The Portland Bureau of Planning and Sustainability (BPS) is moving forward the West Portland Town Center Plan even though the Southwest Corridor Light Rail project — which was integral to the Town Center design — recently suffered a severe blow when the Metro funding measure was voted down.
The West Portland Town Center sits astride an area known as “The Crossroads” about five-and-a-half miles southwest of Portland City Hall where I-5, SW Barbur Blvd and SW Capitol Highway meet in a starburst pattern. As you can see in the image, the Crossroads is currently low-density, car-centric landscape. Realizing the plan’s vision would require extensive land-use changes including up-zoning within an area riddled with infrastructure deficiencies. As the Open House notes, “Fewer than 13% of the streets in the town center have sidewalks. Pedestrians and cyclists are forced to walk in the roadway or on narrow shoulders or use major streets with faster traffic and more frequent collisions.”
The Town Center plan is considered a bold vision for a growing and diverse community. In addition to infrastructure changes, the plan aims to hasten development of housing options while greatly increasing the residential and commercial density of the area. Planners also hope to boost walking and bicycling facilities in the area which would lead to easier access to nearby businesses, parks, schools and public transportation.
The current lack of sidewalks and stormwater management systems extends deep into the surrounding neighborhoods, which also lack bike lanes, full service bus lines, and in some places, paved roads. This infrastructure deficit is a source of concern for some current residents and transportation advocates. They point out that the transportation improvements are unfunded and won’t automatically accompany the zoning changes. Their fear is a tenfold increase in density without the improvements needed to support it. (Note: The $26.1 million SW Capitol Hwy project, which is set to begin construction soon, connects with the West Portland Town Center just north of the Crossroads.)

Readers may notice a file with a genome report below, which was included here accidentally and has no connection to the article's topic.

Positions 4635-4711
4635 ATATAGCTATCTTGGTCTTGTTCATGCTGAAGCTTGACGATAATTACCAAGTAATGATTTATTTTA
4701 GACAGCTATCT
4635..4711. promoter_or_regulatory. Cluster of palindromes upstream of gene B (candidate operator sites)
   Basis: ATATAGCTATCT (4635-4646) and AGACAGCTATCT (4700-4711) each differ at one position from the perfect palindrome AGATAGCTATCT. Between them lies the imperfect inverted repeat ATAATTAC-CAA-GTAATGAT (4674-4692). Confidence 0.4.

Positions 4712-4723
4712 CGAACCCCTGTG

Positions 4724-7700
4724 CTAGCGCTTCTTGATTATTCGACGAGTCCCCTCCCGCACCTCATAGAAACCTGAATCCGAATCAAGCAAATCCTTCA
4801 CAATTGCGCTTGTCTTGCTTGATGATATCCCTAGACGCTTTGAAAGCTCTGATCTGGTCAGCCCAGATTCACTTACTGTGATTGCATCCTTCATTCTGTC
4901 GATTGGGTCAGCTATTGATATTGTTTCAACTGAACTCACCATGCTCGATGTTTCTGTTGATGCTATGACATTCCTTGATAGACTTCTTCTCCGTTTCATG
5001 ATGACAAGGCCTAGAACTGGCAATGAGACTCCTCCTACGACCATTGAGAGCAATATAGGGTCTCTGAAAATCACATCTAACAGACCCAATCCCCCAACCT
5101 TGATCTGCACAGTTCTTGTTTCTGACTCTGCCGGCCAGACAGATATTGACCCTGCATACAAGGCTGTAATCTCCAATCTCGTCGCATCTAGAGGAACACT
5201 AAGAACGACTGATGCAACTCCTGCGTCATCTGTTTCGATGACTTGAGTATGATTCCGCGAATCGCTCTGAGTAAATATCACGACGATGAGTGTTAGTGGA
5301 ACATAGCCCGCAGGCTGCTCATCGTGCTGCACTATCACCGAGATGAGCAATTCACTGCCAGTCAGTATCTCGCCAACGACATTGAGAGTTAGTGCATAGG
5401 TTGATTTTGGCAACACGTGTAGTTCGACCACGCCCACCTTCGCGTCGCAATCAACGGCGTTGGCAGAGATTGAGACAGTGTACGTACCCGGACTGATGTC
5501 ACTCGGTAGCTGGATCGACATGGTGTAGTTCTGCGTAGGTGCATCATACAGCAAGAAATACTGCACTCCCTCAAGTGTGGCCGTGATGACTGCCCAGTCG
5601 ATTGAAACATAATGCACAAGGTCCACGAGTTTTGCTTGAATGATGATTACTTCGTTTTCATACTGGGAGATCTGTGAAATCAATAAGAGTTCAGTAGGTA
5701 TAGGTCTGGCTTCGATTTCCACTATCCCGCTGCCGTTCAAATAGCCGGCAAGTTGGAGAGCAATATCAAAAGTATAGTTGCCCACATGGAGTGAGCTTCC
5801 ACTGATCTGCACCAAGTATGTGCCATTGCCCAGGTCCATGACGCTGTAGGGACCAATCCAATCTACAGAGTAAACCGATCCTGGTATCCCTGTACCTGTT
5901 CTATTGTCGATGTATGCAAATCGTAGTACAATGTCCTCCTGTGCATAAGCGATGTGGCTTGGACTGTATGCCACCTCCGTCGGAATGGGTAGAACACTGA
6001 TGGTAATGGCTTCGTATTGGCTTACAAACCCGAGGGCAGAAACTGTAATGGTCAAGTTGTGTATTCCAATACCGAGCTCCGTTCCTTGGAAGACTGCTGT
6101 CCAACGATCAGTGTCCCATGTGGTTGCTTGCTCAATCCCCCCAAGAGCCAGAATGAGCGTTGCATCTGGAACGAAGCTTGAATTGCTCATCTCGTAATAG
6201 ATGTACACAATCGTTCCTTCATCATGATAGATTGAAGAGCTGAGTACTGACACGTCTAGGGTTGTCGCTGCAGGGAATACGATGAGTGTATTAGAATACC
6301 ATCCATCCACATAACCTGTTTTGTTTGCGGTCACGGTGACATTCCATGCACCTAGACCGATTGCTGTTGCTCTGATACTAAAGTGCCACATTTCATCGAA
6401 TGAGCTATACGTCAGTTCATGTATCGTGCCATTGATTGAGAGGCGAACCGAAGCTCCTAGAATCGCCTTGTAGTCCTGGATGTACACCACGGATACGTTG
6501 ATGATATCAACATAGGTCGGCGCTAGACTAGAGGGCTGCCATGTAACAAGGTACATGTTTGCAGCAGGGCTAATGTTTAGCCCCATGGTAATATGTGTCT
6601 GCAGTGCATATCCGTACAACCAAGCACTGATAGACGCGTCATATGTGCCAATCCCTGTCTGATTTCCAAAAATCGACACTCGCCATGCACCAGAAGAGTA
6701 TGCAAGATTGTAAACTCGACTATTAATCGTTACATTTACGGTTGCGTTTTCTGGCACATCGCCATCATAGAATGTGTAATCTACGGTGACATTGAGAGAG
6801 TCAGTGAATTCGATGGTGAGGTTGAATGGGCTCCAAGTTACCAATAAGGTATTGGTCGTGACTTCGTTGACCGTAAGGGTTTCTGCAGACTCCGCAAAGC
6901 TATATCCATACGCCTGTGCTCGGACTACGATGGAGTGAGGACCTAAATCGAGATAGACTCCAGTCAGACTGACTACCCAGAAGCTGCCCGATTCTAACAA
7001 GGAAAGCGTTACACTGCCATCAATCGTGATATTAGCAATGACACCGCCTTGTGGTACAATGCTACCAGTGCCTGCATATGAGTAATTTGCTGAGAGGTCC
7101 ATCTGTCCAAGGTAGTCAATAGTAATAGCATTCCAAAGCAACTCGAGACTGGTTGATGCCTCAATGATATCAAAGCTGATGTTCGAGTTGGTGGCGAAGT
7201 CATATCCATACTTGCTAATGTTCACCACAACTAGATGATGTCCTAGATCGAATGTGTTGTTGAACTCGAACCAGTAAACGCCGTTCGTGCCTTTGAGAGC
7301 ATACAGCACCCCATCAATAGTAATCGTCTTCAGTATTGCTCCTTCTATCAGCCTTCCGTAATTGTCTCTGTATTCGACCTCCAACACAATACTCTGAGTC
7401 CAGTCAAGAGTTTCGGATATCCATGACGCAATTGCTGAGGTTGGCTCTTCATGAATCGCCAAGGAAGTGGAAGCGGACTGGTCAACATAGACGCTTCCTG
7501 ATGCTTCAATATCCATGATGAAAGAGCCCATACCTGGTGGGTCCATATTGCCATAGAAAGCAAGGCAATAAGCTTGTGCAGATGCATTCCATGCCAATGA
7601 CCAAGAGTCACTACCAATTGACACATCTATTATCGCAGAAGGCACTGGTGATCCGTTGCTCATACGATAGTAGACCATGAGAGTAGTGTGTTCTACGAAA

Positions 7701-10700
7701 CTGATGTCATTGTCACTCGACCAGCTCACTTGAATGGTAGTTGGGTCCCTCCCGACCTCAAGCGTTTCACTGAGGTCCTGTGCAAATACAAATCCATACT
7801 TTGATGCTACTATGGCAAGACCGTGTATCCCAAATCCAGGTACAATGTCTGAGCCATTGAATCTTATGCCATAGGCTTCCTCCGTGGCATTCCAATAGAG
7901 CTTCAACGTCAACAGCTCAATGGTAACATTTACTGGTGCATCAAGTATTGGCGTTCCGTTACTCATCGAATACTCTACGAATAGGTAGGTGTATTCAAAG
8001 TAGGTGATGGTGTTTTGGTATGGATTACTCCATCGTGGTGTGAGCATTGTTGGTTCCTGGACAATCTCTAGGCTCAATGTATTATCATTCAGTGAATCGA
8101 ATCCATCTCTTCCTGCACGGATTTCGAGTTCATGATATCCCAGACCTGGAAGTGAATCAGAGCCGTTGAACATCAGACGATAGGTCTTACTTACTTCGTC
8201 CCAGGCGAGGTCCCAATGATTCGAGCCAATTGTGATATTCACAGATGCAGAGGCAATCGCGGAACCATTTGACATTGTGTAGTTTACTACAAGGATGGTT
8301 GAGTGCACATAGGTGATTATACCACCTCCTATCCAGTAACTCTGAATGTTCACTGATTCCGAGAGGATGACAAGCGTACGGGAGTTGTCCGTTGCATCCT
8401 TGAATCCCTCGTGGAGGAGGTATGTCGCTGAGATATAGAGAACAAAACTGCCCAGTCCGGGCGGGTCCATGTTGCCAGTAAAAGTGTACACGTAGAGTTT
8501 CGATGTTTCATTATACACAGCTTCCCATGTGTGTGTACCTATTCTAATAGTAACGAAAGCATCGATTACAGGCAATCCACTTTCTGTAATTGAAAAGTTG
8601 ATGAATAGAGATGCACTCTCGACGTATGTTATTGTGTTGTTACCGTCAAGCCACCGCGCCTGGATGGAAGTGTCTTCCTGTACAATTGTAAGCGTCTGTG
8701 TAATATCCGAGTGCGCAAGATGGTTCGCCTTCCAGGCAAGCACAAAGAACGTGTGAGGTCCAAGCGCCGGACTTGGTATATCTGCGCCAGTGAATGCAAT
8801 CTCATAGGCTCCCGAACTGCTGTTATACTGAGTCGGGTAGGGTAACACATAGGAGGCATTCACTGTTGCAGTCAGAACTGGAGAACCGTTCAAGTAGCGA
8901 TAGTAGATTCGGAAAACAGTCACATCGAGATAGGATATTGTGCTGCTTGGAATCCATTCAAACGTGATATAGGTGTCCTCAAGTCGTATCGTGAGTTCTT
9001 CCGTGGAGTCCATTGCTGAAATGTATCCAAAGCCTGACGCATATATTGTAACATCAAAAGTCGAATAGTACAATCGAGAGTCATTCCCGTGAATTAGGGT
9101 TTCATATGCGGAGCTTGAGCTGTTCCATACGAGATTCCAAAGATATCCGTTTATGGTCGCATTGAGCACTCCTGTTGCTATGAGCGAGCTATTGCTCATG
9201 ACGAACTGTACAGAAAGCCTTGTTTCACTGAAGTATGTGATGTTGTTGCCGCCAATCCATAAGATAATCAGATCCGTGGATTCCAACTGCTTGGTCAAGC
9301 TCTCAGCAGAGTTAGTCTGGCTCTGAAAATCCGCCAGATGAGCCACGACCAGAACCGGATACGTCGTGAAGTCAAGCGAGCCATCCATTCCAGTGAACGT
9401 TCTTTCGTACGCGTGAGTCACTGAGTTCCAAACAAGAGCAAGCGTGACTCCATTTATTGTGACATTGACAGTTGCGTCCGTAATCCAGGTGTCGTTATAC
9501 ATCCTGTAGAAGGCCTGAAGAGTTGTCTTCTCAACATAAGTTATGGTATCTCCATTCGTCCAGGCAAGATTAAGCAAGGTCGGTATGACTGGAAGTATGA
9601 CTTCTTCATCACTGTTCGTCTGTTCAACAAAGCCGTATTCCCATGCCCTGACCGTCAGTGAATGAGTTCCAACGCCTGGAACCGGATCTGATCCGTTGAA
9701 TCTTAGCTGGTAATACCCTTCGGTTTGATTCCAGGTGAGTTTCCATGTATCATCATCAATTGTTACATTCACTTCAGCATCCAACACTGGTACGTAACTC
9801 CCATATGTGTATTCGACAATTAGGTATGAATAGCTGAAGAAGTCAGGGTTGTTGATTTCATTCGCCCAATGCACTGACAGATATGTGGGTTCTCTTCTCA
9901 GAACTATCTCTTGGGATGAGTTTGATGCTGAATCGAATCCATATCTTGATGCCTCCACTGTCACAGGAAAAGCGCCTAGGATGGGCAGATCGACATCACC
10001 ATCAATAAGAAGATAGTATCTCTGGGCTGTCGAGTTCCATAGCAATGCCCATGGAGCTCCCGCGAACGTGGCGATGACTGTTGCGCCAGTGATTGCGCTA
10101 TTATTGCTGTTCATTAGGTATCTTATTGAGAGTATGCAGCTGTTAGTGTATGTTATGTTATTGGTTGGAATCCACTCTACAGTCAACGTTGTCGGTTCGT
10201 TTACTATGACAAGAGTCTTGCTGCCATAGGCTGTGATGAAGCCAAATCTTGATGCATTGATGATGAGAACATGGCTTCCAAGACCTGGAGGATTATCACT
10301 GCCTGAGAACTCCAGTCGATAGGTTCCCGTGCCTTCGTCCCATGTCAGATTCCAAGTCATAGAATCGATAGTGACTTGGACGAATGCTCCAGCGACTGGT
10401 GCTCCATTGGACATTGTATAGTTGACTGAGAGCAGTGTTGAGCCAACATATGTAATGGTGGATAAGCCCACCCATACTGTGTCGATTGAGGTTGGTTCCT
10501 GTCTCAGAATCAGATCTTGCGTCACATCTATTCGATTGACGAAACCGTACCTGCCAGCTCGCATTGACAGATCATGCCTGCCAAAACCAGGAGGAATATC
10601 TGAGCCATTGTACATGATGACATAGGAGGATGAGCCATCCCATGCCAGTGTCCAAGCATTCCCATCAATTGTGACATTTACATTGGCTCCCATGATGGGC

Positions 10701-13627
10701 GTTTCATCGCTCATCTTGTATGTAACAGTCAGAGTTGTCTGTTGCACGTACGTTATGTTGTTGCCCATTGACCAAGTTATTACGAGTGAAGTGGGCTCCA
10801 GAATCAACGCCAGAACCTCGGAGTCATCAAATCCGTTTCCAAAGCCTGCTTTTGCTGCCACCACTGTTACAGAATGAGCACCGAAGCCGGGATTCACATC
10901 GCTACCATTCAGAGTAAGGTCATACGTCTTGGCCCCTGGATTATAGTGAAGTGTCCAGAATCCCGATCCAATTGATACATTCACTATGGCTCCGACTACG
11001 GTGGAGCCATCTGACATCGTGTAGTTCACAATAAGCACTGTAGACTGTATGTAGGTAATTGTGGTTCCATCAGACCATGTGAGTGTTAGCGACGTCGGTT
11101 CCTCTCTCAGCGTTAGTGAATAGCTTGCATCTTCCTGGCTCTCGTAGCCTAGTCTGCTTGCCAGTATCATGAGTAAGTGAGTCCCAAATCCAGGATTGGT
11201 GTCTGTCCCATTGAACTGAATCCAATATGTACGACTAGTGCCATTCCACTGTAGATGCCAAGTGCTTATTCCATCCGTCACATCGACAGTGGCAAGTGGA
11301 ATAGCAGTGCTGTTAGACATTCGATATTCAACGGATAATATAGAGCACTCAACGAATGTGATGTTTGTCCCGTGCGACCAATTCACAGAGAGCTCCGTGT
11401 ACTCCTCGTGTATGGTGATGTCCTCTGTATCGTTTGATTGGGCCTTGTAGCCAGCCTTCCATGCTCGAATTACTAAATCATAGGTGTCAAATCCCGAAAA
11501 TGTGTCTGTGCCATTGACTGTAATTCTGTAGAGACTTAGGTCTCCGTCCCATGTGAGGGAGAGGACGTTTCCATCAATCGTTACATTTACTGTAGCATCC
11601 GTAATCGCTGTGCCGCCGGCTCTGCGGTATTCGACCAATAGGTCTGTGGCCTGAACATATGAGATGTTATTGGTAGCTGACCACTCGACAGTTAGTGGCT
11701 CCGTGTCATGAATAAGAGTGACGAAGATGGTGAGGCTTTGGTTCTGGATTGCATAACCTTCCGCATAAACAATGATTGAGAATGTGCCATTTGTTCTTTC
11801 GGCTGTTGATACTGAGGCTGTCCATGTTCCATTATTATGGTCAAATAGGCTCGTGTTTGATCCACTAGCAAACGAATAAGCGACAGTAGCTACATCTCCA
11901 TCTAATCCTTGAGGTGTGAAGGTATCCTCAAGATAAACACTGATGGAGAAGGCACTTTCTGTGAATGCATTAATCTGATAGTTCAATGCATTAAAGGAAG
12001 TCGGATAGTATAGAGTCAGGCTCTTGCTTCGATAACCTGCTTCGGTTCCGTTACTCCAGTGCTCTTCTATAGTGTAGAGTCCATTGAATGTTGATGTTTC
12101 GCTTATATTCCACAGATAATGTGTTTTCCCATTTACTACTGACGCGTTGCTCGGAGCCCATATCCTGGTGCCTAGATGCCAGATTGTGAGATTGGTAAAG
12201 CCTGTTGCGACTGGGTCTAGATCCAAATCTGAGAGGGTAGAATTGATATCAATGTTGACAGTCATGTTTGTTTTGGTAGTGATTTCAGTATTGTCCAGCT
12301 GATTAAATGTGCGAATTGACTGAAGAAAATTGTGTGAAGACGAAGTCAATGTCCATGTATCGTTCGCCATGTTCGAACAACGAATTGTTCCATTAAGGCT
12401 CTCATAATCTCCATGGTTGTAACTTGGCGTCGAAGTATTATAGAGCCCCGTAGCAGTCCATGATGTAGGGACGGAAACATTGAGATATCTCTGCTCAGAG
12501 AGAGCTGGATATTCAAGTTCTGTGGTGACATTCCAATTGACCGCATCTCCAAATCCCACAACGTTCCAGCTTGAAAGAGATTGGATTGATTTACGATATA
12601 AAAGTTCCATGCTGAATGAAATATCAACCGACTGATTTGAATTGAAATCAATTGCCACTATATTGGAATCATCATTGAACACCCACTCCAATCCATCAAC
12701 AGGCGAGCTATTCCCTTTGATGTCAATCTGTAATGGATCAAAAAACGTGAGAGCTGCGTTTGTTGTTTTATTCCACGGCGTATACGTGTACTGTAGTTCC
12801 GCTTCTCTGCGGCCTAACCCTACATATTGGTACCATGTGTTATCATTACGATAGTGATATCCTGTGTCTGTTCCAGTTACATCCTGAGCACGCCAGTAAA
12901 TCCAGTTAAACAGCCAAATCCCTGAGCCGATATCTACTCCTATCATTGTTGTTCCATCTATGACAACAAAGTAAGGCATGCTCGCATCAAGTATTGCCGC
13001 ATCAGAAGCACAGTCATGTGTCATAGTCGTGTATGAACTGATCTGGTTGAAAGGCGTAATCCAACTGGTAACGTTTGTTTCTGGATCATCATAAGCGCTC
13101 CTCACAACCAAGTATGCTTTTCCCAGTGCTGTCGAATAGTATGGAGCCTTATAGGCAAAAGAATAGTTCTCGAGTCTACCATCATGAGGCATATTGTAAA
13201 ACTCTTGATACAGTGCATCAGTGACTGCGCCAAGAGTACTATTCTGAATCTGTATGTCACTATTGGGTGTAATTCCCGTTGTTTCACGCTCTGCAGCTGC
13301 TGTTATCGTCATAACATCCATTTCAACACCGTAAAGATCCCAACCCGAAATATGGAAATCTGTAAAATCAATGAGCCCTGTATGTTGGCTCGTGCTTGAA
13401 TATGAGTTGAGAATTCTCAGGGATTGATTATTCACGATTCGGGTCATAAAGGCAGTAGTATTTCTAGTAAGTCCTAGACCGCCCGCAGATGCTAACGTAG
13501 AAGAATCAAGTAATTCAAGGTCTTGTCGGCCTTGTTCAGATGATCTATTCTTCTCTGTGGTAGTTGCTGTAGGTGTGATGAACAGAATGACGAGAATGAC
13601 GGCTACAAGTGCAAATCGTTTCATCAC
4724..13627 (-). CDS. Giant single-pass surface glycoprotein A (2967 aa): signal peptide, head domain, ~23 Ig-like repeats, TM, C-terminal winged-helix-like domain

The online open house for the project includes plans for a “Green Ring” route around the center as part of its “Circulation Growth Concept” (pictured). BPS says the Green Ring, “combines increasing access to natural areas with greater pedestrian and mobility safety for walkers, rollers, and cyclists of all ages.”
If you live, ride or work in this area, make your voice heard. BPS is accepting feedback on the project through an online survey which closes this Thursday, December 3rd.
— Lisa Caballero, email@example.com
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Lisa Caballero has lived in SW Portland for 20 years. She is on the Transportation Committee of her neighborhood association, the Southwest Hills Residential League (SWHRL) and can be reached at firstname.lastname@example.org.